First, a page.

Is it safe to eat liver or does it contain toxins???
Recently a friend said she used to LOVE liver and onions, but stopped eating it years ago after hearing that it's not safe, because it's the organ that filters toxins from our bodies, and we are then ingesting those toxins.
How sad–not only because that's not true, but also, anyone who is lucky enough to love it should definitely eat this superfood! (Keep reading for a work-around though, if you don't love the taste…)
So what makes liver so wonderful?
Quite simply, it contains more nutrients, gram for gram, than any other food. In summary, liver provides:
- An excellent source of high-quality protein
- Nature’s most concentrated source of vitamin A
- All the B vitamins in abundance, particularly vitamin B12
- One of our best sources of folic acid
- A highly usable form of iron
- Trace elements such as copper, zinc and chromium; liver is our best source of copper
- An unidentified anti-fatigue factor
- CoQ10, a nutrient that is especially important for cardio-vascular function
- A good source of purines, nitrogen-containing compounds that serve as precursors for DNA and RNA.
Is liver dangerous or IS it safe to eat liver?
In spite of widespread tradition and abundant scientific evidence on the health benefits of liver, conventional nutritionists and government agencies now warn against its consumption. The putative dangers of eating liver stem from two concerns–the assumption that liver contains many toxins and the high level of vitamin A that it provides.
One of the roles of the liver is to neutralize toxins (such as drugs, chemical agents and poisons); but the liver does not store toxins. Poisonous compounds that the body cannot neutralize and eliminate are likely to lodge in the fatty tissues and the nervous system. The liver is not a storage organ for toxins but it is a storage organ for many important nutrients (vitamins A, D, E, K, B12 and folic acid, and minerals such as copper and iron). These nutrients provide the body with some of the tools it needs to get rid of toxins.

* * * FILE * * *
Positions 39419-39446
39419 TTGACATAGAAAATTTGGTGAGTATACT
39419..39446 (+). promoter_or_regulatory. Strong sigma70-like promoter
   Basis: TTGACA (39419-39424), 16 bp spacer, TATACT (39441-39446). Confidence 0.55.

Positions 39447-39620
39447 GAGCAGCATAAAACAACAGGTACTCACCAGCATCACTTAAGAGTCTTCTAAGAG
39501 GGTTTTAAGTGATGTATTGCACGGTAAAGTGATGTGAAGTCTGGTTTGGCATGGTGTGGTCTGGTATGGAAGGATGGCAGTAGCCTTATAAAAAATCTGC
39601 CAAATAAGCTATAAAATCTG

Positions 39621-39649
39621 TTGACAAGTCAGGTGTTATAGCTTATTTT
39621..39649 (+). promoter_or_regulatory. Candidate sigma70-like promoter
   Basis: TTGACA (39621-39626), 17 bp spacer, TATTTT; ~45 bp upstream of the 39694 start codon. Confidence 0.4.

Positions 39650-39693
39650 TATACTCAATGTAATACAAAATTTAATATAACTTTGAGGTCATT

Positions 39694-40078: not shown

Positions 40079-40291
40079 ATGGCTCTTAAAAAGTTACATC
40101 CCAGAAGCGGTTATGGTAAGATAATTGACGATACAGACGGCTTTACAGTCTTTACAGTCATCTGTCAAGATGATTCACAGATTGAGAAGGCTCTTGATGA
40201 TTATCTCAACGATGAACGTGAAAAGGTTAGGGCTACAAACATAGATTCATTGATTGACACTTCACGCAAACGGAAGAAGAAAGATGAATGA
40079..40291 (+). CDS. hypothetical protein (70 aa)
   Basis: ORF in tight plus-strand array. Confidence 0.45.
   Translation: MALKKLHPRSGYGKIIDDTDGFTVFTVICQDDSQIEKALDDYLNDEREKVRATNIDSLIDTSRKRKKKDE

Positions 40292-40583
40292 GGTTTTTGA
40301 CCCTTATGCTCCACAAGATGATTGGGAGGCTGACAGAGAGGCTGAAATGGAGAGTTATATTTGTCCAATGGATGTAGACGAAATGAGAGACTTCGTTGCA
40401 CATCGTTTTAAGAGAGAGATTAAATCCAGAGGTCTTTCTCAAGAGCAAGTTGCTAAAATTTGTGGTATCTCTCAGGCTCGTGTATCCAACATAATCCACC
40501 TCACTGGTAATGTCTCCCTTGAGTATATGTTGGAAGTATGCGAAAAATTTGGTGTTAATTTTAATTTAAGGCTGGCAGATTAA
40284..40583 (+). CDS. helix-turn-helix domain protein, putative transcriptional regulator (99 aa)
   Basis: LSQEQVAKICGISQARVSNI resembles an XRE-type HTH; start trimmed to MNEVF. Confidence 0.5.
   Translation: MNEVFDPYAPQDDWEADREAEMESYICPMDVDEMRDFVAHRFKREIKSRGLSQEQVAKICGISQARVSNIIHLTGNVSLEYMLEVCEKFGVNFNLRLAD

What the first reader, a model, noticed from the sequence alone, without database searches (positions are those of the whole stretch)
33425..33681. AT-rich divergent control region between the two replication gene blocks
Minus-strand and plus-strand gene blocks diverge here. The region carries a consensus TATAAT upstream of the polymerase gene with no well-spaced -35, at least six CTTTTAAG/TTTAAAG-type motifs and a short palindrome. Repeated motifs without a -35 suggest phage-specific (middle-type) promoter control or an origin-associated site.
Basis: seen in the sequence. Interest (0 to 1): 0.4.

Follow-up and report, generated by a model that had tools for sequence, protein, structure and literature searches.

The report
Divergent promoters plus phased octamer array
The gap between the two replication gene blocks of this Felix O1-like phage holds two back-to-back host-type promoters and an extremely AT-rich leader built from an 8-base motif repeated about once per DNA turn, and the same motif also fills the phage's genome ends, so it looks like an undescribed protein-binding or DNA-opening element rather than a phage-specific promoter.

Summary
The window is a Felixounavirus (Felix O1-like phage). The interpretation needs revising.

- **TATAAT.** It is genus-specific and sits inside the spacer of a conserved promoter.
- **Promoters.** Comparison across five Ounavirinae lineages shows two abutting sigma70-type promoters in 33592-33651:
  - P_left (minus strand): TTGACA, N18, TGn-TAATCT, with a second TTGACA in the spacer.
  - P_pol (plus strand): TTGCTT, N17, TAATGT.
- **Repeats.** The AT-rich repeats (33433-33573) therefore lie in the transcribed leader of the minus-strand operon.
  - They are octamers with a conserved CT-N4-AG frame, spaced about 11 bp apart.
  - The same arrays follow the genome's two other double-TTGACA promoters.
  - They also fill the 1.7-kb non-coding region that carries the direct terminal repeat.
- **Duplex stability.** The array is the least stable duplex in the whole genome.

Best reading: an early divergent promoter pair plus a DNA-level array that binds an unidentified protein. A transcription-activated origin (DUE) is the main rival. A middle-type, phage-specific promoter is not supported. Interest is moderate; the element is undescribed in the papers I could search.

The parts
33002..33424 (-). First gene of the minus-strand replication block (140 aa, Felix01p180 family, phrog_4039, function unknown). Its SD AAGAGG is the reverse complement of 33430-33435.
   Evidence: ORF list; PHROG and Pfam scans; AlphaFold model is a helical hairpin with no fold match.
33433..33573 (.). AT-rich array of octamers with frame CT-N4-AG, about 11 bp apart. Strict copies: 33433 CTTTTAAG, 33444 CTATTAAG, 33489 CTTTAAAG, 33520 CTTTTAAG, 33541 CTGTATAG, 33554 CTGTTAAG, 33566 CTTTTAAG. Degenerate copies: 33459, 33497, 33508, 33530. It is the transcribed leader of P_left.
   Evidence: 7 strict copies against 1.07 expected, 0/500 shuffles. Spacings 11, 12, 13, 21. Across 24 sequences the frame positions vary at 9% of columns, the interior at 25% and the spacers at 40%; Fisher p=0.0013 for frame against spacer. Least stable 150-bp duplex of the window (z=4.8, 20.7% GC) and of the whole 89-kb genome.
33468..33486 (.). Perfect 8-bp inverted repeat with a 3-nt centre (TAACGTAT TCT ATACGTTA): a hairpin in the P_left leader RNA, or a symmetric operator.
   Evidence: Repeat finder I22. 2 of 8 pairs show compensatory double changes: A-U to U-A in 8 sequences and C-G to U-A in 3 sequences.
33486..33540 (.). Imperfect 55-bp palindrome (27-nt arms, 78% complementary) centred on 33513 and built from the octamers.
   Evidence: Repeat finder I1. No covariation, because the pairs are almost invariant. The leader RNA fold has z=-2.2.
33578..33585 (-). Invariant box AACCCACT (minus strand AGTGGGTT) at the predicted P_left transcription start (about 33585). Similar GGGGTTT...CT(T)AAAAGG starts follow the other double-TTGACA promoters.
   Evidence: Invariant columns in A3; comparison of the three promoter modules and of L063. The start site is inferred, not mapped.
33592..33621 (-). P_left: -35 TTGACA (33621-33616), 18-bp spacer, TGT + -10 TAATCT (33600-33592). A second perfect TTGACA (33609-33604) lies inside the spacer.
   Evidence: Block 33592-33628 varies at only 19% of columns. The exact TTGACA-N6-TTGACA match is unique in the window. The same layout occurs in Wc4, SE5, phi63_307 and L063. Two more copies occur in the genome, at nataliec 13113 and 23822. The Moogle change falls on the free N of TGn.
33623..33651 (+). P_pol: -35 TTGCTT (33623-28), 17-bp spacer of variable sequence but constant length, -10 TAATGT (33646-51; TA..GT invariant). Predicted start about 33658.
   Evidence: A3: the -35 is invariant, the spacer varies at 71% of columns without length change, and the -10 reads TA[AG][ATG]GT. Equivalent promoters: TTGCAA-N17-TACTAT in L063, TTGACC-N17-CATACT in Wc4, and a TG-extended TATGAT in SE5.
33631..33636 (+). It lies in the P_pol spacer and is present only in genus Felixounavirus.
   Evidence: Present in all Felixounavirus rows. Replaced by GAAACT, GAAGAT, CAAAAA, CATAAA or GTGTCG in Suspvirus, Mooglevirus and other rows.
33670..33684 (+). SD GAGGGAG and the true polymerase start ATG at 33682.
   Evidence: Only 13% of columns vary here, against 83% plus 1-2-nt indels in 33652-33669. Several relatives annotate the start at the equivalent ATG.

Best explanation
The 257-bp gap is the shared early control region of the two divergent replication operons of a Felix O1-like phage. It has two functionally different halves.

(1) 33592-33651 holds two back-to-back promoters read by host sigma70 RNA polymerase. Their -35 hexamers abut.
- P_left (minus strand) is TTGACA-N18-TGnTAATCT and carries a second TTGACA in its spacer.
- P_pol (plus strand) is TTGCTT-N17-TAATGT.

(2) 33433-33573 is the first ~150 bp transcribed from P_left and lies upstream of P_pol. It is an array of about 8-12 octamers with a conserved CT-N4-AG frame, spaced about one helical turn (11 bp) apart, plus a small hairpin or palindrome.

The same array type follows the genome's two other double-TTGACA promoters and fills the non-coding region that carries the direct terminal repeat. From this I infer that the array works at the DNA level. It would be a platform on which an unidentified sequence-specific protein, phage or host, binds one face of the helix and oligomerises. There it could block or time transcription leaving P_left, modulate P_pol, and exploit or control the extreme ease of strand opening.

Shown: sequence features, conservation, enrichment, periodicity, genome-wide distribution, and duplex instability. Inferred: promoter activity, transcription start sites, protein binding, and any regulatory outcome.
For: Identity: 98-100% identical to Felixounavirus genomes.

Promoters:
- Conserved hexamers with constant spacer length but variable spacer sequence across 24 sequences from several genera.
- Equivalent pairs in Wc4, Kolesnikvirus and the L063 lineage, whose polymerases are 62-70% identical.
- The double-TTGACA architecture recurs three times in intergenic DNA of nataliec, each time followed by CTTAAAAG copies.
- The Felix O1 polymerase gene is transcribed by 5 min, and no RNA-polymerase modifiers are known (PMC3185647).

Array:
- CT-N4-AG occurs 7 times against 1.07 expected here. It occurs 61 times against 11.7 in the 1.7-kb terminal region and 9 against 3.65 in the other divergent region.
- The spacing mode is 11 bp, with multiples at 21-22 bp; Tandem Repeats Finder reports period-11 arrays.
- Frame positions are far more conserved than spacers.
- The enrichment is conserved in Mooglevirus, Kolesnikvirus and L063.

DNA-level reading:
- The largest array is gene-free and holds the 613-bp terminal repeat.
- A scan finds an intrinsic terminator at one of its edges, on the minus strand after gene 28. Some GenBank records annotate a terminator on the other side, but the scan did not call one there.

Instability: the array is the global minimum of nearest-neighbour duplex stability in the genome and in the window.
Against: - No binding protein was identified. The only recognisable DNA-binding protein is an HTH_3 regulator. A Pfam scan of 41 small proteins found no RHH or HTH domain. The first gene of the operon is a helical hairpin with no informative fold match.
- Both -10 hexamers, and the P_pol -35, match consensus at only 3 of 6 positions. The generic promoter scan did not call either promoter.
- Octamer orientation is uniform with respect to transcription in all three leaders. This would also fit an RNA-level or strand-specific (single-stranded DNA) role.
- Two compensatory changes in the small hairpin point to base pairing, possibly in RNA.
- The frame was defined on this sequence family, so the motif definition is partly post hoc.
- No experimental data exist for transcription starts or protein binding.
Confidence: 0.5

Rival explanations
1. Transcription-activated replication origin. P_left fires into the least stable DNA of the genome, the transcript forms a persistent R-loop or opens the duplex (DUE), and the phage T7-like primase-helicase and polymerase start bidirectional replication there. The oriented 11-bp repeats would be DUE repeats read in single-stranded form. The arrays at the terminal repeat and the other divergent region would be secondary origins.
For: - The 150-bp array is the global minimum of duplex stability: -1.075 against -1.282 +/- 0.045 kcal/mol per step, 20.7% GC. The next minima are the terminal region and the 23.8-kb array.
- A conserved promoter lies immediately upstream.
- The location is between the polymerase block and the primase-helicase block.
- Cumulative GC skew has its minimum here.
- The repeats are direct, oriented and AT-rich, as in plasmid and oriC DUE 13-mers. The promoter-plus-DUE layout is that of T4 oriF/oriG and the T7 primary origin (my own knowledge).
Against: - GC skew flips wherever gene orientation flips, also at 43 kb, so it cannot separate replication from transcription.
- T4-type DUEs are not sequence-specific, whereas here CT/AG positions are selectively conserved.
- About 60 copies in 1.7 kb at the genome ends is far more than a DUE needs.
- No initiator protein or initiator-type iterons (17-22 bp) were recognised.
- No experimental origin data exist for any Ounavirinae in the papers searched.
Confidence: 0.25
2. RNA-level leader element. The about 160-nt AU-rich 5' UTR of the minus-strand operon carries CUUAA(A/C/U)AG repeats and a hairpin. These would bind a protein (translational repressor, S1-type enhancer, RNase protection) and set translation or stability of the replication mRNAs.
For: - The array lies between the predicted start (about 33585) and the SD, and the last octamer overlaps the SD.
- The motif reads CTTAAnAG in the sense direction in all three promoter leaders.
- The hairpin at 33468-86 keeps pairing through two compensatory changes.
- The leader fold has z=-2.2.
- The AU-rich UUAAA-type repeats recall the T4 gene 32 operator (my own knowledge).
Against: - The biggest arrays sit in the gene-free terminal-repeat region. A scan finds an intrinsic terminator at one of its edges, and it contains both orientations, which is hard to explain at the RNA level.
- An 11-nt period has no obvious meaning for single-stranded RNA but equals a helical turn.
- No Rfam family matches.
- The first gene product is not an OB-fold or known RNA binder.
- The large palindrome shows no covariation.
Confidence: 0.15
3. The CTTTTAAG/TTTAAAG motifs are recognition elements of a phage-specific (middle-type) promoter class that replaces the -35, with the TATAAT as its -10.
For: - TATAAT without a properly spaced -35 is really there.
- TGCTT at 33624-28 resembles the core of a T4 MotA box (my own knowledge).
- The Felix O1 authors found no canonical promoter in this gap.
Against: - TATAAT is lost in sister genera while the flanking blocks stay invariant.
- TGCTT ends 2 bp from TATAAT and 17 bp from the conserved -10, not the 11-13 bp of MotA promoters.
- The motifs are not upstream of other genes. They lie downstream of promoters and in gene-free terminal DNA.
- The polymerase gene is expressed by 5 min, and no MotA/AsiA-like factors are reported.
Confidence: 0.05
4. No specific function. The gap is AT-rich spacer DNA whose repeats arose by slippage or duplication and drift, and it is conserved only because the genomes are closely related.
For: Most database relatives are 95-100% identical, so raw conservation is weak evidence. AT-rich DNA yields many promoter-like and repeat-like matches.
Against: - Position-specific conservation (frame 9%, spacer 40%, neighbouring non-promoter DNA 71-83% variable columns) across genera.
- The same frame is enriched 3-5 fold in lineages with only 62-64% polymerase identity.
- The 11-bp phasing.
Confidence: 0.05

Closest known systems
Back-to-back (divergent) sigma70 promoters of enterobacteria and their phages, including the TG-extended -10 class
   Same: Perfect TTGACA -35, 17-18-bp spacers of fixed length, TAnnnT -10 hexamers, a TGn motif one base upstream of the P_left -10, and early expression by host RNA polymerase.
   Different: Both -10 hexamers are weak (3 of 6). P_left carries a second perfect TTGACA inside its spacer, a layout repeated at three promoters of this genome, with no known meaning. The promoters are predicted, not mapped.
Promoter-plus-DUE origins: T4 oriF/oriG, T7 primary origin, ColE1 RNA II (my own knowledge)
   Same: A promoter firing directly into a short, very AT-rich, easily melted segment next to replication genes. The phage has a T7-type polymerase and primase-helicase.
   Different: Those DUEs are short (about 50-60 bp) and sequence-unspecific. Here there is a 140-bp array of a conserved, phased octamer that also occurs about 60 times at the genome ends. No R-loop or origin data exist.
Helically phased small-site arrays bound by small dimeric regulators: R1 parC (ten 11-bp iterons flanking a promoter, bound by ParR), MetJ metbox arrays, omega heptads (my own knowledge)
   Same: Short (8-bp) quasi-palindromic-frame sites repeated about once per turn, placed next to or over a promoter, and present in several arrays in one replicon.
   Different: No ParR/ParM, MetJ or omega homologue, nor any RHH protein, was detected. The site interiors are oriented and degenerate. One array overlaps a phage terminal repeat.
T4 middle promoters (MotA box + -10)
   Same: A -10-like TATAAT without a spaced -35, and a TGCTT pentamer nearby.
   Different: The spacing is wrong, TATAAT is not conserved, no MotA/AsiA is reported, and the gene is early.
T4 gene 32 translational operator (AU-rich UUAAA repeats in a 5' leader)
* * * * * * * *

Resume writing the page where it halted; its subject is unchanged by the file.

Of course, we should consume liver from healthy animals–cattle, lamb, buffalo, hogs, chickens, turkeys, ducks and geese. The best choice is liver from animals that spend their lives outdoors and on pasture. If such a premier food is not available, the next choice is organic chicken, beef and calves liver. If supermarket liver is your only option, the best choice is calves liver, as in the U.S. beef cattle do spend their first months on pasture. Beef liver is more problematical as beef cattle are finished in feed lots. Livers from conventionally raised chicken and hogs are not recommended.
As for concerns about vitamin A, these stem from studies in which moderate doses of synthetic vitamin A were found to cause problems and even contribute to birth defects. But natural vitamin A found in liver is an extremely important nutrient for human health and does not cause problems except in extremely large amounts.
So is it safe to eat liver? YES!
What if you're NOT lucky enough to love it, though?
- Well you could try this recipe where my family ate it and had no clue: I ate liver and loved it, oh yes I did!
- Or try this yummy pâté–maybe you'll like it that way?
- Or check out this newer post: The BEST Way to Get Your Kids to Eat Liver (and everyone else) — it really works!
But we still don't eat liver as often as we should, soooooooo…
- We also make sure to take this cod liver oil and these dessicated liver capsules (they also have powder). This is very important, especially if you're not eating liver a couple times a week. (Use the code KOP for a discount on both of those.)
Someone asked in the comments how much CLO and liver caps should they take?
For the liver caps, just take whatever it recommends on the bottle. For the cod liver oil we take a half-teaspoon daily (but we're not great about being consistent!) and a little more if we're sick. Or if you prefer CLO capsules, take 2-4 daily. More if you're sick or struggle with anxiety, or have inflammation, etc. But remember that with both of these, they are not pharmaceuticals, they are food supplements, so for most people, taking more isn't going to hurt you, and it could help if you're sick or trying to heal from something. (I'm not a doctor though, obviously, so consult them first if you have any health issues, especially if you are taking a blood thinner or have a bleeding disorder, because CLO can slightly thin the blood.)
I thought I'd share more recipes with you from some of my blogging friends:
- Katie's: How to get liver on your kitchen table
- Cara's: Superfood muffins: liver, beef and garlic
- Shannon's: 5 tips for cooking liver that had my husband going back for seconds
- Heather's: Ultimate beef liver chili
- Kristen's: Pizza chili recipe
- Emily's: Raw liver shooters
- Sarah's: Chicken pate video
Add your favorite liver tricks, tips or recipes in the comments!
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